Unlike adults, children are sometimes some of the unruly passengers or occupants to control in your car.
Sometimes when you threaten to punish them, they appear and continue behaving as if you did not say anything.
Stuart Oramire, a motorist and parent says every time his children are in the car, he does not let any of them occupy the front or co-driver’s seat.
Let them use back seats
“I make sure they are seated in the rear seats and are wearing their seatbelts. If there is any of them below five years, there is a designated seat for them where they are confined and buckled up,” Oramire explains.
Anthony Katabazi, also a motorist and parent, observes that a car is a machine that can kill anyone, children inclusive, as a result of any carelessness. This involves letting them (children) stand in the co-driver’s seat as they hold or get support from the dashboard.
Avoid overloading the car with children
“Every vehicle was manufactured to carry a specific number of seats and passengers and these include children. When you load more children than the car stipulates, it is as good as sacrificing those that are not belted up in case of any accident. They will be ejected from the car through the windscreen.
As a motorist, you could be wearing your seatbelt and this means that you will survive and the children who will not have belted up will likely die if the accident is fatal,” Katabazi advises.
Drive with a helper
Of late, there is a trend of motorists who drive while carrying children on their laps. Along the way, the same motorists also start using their mobile phone.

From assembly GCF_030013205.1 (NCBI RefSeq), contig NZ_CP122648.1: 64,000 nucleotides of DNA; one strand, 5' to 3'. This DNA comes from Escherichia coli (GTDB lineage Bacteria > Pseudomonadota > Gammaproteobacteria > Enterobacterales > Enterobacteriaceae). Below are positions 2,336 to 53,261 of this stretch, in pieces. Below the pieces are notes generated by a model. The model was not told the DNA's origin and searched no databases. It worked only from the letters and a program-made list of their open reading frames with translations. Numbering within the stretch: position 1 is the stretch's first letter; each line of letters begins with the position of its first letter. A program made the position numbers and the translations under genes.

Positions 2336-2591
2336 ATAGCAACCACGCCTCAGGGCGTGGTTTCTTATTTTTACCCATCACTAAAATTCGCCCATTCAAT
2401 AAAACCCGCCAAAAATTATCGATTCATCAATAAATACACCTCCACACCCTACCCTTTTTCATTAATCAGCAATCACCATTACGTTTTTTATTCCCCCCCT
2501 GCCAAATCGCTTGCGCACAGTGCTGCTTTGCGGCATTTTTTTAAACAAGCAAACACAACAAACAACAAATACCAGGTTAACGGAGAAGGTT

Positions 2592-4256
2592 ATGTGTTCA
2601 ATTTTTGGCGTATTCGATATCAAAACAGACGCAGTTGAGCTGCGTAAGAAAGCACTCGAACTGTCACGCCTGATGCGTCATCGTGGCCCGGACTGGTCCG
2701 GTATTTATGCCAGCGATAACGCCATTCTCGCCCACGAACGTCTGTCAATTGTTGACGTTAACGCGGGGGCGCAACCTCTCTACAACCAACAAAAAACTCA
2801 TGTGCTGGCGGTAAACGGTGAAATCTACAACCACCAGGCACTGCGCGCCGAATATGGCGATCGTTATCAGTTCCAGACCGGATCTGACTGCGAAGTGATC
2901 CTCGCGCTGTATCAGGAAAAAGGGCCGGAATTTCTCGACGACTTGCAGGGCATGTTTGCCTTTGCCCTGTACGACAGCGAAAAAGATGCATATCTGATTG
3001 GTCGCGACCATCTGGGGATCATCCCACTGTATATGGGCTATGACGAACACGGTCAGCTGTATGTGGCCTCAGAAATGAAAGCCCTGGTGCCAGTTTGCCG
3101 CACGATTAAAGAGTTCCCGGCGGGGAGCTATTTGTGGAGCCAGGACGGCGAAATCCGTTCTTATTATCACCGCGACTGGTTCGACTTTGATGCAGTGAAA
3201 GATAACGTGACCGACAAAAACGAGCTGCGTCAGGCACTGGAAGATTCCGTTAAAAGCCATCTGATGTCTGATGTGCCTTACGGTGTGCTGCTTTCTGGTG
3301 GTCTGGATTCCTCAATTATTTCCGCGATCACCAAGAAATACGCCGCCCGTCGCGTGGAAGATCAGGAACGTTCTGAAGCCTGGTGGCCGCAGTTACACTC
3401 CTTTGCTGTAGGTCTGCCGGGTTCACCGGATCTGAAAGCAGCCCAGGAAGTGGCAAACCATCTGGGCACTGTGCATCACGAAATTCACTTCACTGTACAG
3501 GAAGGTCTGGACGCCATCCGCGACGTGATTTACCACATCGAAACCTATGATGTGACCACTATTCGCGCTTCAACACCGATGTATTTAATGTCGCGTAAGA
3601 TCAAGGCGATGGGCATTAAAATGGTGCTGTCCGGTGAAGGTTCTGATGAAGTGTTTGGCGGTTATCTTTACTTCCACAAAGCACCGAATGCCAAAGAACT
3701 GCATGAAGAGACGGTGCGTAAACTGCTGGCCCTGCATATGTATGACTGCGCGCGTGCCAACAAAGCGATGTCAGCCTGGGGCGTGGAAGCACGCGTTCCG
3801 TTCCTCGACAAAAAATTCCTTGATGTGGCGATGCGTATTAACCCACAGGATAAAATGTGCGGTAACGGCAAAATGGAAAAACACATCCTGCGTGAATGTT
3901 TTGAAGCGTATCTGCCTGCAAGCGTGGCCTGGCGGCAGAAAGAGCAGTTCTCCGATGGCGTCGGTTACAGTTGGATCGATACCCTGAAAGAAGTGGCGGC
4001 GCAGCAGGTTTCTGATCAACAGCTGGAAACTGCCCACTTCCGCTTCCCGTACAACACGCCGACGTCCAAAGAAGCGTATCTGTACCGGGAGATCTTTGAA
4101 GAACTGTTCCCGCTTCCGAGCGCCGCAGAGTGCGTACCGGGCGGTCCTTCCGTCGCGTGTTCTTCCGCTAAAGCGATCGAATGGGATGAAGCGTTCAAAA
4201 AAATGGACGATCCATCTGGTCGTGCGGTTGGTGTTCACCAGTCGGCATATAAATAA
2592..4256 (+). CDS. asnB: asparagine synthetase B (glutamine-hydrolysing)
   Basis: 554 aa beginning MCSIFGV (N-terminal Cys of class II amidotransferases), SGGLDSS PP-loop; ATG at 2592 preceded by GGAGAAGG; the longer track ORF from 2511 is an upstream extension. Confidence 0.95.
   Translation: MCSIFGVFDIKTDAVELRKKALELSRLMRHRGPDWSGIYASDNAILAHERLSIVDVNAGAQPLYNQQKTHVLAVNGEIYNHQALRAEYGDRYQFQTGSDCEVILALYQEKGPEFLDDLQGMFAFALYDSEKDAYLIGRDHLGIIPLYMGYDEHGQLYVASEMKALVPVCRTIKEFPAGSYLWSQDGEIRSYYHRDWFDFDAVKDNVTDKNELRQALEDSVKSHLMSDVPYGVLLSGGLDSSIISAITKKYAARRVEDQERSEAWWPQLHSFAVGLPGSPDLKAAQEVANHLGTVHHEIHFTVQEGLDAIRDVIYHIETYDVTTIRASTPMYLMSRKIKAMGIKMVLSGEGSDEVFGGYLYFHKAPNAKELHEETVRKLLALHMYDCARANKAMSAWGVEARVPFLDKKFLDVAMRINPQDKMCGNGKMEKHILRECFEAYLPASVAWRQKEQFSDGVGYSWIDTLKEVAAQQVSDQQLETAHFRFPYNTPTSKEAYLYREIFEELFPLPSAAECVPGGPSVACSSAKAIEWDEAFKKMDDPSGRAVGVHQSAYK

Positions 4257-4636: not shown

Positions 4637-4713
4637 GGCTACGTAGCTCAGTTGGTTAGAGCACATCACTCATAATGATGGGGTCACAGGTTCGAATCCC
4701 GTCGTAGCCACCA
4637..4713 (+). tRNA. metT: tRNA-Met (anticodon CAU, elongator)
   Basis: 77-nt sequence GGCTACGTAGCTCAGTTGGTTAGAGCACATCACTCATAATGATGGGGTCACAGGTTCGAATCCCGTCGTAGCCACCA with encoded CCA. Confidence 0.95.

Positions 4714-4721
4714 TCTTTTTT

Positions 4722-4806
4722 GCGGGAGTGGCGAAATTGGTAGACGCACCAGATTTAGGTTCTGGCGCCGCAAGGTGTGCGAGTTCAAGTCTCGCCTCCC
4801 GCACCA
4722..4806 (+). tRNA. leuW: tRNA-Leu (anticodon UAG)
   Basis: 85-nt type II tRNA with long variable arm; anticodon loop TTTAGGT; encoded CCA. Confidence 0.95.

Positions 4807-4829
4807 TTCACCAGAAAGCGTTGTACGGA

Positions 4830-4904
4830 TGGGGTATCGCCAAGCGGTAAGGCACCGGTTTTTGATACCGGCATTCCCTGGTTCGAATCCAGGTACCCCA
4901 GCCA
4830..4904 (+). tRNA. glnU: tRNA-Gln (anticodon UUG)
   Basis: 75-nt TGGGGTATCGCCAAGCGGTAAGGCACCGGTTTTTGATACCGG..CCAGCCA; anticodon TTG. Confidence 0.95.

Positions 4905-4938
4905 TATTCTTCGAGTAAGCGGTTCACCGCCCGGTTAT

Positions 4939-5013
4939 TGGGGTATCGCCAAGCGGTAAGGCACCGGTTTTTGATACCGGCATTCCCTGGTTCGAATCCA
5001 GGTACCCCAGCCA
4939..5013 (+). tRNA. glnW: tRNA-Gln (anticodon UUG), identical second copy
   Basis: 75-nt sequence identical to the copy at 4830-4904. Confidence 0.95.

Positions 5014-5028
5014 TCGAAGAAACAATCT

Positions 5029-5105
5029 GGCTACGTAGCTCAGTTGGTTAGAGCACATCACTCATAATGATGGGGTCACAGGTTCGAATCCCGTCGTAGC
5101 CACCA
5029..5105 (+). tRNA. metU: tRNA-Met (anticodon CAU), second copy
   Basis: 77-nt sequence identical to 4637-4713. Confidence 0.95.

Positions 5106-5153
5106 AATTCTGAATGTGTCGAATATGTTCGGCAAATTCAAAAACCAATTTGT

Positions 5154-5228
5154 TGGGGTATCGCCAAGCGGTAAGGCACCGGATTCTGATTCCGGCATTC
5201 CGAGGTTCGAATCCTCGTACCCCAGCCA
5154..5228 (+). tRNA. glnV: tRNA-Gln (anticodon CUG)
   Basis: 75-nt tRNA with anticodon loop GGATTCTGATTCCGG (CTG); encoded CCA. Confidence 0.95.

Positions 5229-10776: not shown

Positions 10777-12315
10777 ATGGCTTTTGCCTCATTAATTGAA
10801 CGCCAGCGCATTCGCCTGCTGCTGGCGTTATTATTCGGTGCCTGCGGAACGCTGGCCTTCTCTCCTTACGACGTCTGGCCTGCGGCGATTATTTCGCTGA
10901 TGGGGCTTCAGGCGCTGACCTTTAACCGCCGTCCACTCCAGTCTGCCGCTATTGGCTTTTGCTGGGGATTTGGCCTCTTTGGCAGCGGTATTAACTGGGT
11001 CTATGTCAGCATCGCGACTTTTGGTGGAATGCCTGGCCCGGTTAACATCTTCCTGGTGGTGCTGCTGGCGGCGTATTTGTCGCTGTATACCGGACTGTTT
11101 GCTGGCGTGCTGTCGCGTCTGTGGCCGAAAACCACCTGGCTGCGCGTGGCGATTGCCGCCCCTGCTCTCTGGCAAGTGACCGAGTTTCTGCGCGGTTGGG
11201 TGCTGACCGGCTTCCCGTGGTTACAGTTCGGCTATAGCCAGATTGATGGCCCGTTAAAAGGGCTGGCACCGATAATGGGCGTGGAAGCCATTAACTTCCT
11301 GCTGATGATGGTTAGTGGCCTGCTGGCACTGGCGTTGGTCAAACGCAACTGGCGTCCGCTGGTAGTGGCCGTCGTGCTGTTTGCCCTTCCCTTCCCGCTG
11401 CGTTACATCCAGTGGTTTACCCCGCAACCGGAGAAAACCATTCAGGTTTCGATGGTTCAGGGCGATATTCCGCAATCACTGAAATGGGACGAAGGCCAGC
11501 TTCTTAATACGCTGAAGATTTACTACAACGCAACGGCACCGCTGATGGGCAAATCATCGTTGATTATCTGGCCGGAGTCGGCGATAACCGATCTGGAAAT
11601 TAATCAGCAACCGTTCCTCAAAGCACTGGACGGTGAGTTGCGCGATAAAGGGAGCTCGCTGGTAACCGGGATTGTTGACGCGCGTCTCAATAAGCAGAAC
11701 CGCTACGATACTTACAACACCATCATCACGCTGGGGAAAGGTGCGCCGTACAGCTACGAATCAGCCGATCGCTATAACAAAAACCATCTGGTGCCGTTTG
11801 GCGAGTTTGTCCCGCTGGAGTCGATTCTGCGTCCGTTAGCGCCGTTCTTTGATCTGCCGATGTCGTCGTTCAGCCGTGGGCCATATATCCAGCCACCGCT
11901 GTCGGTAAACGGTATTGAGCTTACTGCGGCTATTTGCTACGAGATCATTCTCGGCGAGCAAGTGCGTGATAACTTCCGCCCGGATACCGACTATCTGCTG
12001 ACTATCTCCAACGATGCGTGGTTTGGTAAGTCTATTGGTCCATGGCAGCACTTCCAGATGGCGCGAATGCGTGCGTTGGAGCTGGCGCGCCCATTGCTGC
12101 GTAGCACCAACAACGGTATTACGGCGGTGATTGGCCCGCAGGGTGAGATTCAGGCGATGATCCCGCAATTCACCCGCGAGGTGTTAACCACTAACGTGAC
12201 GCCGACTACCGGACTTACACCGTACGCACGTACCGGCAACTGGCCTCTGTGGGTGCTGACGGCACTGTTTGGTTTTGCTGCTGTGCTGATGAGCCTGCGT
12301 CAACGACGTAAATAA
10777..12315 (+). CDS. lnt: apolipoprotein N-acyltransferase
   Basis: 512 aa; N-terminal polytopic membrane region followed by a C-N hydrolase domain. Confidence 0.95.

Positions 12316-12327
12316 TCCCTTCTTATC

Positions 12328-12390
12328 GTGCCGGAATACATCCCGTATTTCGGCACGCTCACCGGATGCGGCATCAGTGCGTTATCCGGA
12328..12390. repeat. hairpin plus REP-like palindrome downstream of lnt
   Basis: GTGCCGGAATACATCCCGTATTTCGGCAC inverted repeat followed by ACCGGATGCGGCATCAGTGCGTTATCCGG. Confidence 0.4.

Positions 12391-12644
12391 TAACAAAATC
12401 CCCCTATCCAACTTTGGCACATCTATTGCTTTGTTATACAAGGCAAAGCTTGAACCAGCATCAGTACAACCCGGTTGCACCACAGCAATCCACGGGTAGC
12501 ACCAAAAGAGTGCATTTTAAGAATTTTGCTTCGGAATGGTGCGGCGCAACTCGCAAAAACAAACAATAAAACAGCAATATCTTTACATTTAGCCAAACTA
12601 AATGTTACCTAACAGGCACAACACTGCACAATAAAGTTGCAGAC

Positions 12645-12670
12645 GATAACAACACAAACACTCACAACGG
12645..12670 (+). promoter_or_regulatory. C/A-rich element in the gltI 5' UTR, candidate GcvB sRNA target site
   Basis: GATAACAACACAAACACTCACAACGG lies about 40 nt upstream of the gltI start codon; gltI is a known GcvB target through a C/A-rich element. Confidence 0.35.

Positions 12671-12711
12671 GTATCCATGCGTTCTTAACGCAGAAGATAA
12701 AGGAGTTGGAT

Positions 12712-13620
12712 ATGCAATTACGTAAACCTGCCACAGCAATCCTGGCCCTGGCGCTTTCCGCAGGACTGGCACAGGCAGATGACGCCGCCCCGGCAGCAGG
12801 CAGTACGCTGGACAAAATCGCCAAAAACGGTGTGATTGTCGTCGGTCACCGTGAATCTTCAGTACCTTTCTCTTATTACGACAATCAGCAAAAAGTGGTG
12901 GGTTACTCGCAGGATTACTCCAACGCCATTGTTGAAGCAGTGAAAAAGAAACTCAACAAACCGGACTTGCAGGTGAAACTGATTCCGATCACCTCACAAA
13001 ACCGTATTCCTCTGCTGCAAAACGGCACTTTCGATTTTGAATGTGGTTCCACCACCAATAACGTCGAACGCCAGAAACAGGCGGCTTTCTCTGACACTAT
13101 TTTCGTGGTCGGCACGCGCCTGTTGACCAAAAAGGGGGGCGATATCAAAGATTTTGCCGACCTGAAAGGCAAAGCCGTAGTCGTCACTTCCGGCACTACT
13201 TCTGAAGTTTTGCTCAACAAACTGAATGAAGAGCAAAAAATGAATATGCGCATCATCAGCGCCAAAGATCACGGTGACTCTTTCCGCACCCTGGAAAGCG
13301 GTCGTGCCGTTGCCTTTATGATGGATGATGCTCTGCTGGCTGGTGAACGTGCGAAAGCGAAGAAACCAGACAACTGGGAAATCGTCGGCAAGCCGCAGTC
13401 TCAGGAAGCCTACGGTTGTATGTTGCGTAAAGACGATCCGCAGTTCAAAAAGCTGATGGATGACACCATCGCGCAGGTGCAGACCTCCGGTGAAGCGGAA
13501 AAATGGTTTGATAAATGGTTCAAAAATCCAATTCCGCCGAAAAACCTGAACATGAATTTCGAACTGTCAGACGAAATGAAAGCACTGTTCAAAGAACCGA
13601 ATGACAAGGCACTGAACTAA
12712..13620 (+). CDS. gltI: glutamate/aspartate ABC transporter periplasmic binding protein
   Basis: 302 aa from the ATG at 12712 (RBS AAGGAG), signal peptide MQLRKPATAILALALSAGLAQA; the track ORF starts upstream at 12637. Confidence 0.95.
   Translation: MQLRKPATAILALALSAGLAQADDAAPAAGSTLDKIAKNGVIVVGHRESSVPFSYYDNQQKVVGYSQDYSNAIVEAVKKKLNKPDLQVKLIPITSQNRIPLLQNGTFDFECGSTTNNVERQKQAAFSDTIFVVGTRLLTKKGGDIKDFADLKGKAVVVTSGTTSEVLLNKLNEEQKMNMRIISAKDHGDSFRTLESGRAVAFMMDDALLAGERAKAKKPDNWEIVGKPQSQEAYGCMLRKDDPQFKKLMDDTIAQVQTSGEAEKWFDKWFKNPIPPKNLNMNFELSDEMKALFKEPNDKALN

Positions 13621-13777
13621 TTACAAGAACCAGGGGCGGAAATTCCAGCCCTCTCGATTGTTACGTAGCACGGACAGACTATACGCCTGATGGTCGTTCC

This means that your mind and focus will be divided thrice; you will be partially focusing where you are driving to, partially focusing on your phone, a trend that escalates daily, and partially focusing on the baby or child you are carrying on your laps to ensure they are comfortable. The disadvantage with this is that it increases your chances of getting involved in accidents.
“If the child cannot fit in their designated child or baby seat, drive along with someone from home who will help you carry the child as you drive. They will help control and monitor the behaviour of the child and attend to them where need be,” Katabazi adds.
Instil discipline early
Shiba Nassuuna, a mother of three observes that instilling and modelling children into obedient kind of people as they grow up saves you the headache of having to fight with them in the car as they grow up. She is of a view that from the onset children start moving in the same car with you, once they know what they are expected of, none will disobey your car rules.
“When each of my children made two years, I made it clear to them that I would not start the car and the journey when they are not seated in the rear seats fitted in the children’s chair.
Their seats are also fitted with fitting seatbelts. That way, it was easier for them to understand that I wanted them seated and belted up later when they started school.
They became respectful and obedient of what I told them,” Nassuuna explains, adding that if any of her children becomes disobedient, they are aware of the punishment that comes with their behaviour.
Do not take your eyes off the prize
According to drivemag, an online portal, don’t take your eyes off the prize. That is, getting from A to B in complete safety, children included. Therefore, never leave your kids alone in the car whatever good reason you might think you have, but also teach them not to play with door and power window switches as well as not to sit on armrests. Also, make sure you never leave the key in ‘ignition’, ‘on’ or ‘accessory’ positions.
Beware of heatstroke
The portal also advises that children don’t handle heat as an adult’s body would. That’s one of the reasons why heatstroke is a common cause of child death. To prevent that, make a habit out of looking twice and checking the rear seats before locking the car and keep in mind that in 10 minutes under direct sunlight, the temperature inside a car can double.
Some of the symptoms related to heatstroke are red, hot and dry skin, nausea and the lack of sweating.